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Roland-Garros, The French Open

The Famous French Tennis Tournament

As May comes to a close, the French Open, or Roland Garros, gets underway! Here's everything you need to know about Paris's annual international tennis tournament.

Fuzzy yellow balls will soon be bouncing off the clay courts of the Roland-Garros Stadium in the west of Paris. Home to the French Open for over 80 years, the world-famous sporting venue hosts the international tennis tournament every year, with five days of qualifying rounds before the two-week-long main tournament begins.

Initially only ‘open’ to amateur French players, the competition went international in 1925. In 1968, along with the other Grand Slam tournaments, Roland-Garros ‘went open’, meaning both amateurs and professional tennis players now had the chance to play against one another for the championship.

Why Is It Called Roland-Garros?

The French Open is generally referred to as Roland-Garros by most non-English speakers. The tournament takes its name from the stadium in which the competition is played, the Roland-Garros Stadium, named for French aviator (and tennis fan) Roland Garros who died in 1918 during World War I. With the stadium serving as the longtime home of the competition, the name Roland-Garros became synonymous with the sporting event.

The French Open in France

Roland-Garros is one of the most popular sporting events in France, with much of the country watching whether from the stands or on TV. This includes celebrities – pay close attention and you’re sure to spot some in the crowd! Luckily for tennis fans, this tournament takes place every year, unlike the FIFA World Cup, and many cafés and bars in Paris have screens to play all the matches. The competition is so popular here, in fact, that it’s sometimes blamed for lowering the grades of French students who are supposed to be studying for exams that take place the same time of year.

Frédéric de Villamil [CC BY-SA 2.0]

Past and Present Players

While Spanish tennis hero Rafael Nadal holds the record for most wins on the Parisian terre battue with 11 total wins including a streak of 5 straight from 2010 to 2015, Yannick Noah – father to NBA player Joakim Noah – is the last Frenchman to have won the “Coupe des Mousquetaires” (or Musketeers’ Cup, the name of the Men’s Singles Trophy) in 1983. For 2019, Nadal is once again the favorite to win, but Switzerland’s Roger Federer, Serbia’s Novak Djokovic, and Austria’s Dominic Thiem are top contenders.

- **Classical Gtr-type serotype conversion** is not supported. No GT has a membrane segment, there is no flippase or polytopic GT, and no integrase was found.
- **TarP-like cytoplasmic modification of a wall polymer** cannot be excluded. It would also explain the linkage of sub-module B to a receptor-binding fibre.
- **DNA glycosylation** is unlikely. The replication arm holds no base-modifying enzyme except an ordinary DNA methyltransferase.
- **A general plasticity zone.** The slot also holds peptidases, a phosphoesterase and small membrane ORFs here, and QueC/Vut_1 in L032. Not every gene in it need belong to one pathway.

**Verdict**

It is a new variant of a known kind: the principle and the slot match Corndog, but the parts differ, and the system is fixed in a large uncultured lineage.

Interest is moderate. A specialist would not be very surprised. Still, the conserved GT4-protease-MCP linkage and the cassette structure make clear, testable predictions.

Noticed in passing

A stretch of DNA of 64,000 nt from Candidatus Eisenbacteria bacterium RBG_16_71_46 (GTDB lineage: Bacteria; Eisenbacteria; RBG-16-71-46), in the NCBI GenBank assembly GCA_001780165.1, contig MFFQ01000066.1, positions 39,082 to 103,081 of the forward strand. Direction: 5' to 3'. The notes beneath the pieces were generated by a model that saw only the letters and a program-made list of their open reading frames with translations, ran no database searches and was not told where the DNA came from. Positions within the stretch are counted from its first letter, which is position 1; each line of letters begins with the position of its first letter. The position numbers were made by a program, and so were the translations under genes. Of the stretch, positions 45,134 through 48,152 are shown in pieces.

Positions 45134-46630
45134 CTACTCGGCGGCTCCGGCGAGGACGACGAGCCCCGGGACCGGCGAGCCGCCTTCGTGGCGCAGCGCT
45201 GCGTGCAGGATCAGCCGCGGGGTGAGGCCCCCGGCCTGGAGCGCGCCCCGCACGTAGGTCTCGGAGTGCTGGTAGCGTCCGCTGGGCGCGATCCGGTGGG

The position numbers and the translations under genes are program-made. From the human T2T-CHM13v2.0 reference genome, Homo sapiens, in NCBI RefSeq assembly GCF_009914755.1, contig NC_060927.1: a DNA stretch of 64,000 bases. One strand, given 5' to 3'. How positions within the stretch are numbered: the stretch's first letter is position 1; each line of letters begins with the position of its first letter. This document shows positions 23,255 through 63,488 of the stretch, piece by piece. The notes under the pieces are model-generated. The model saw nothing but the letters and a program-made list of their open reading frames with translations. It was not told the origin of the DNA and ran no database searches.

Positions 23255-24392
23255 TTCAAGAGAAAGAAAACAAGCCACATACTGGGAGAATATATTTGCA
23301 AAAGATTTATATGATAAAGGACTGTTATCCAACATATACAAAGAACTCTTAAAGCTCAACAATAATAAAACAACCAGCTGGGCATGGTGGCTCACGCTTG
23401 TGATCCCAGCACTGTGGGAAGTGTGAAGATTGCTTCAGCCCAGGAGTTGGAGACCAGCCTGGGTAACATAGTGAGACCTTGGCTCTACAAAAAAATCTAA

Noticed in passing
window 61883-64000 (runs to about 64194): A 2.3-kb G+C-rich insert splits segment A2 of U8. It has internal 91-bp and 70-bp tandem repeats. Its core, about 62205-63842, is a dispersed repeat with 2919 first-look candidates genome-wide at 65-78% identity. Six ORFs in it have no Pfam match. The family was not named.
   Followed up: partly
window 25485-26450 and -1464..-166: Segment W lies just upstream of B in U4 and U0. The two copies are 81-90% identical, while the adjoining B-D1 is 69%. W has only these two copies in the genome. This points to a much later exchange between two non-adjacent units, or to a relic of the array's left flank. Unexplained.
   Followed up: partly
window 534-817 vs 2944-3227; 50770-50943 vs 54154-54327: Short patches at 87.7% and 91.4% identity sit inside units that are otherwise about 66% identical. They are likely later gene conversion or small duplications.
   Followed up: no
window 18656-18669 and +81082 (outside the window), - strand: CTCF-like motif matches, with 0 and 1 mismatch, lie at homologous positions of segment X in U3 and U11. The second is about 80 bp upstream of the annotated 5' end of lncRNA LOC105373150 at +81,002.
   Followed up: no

On the women’s side, Canadian-born French-American Mary Pierce is the only French woman to win the Women’s Singles title since the tournament went open in 1968. French women have had a bit more luck in the Doubles competition, with Gail Chanfreau, Françoise Dürr, and Mary Pierce all earning the Coupe Simone Mathieu before Caroline Garcia and Kristina Mladenovic won in 2016. This year, keep your eye on reigning champion Romanian tennis player Simona Halep, Japan’s Naomi Osaka, Dutch rising star Kiki Bertens, and American Serena Williams.

Tickets to the French Open

General public sales start approximately two months before the tournament, opening in March usually, so it’s best to plan ahead. But don’t worry if you don’t have tickets yet and still want to go; last minute tickets and evening tickets are available in the days and weeks leading up to the event. Tickets cannot be purchased on-site and must be reserved online through the Roland-Garros Official Website.


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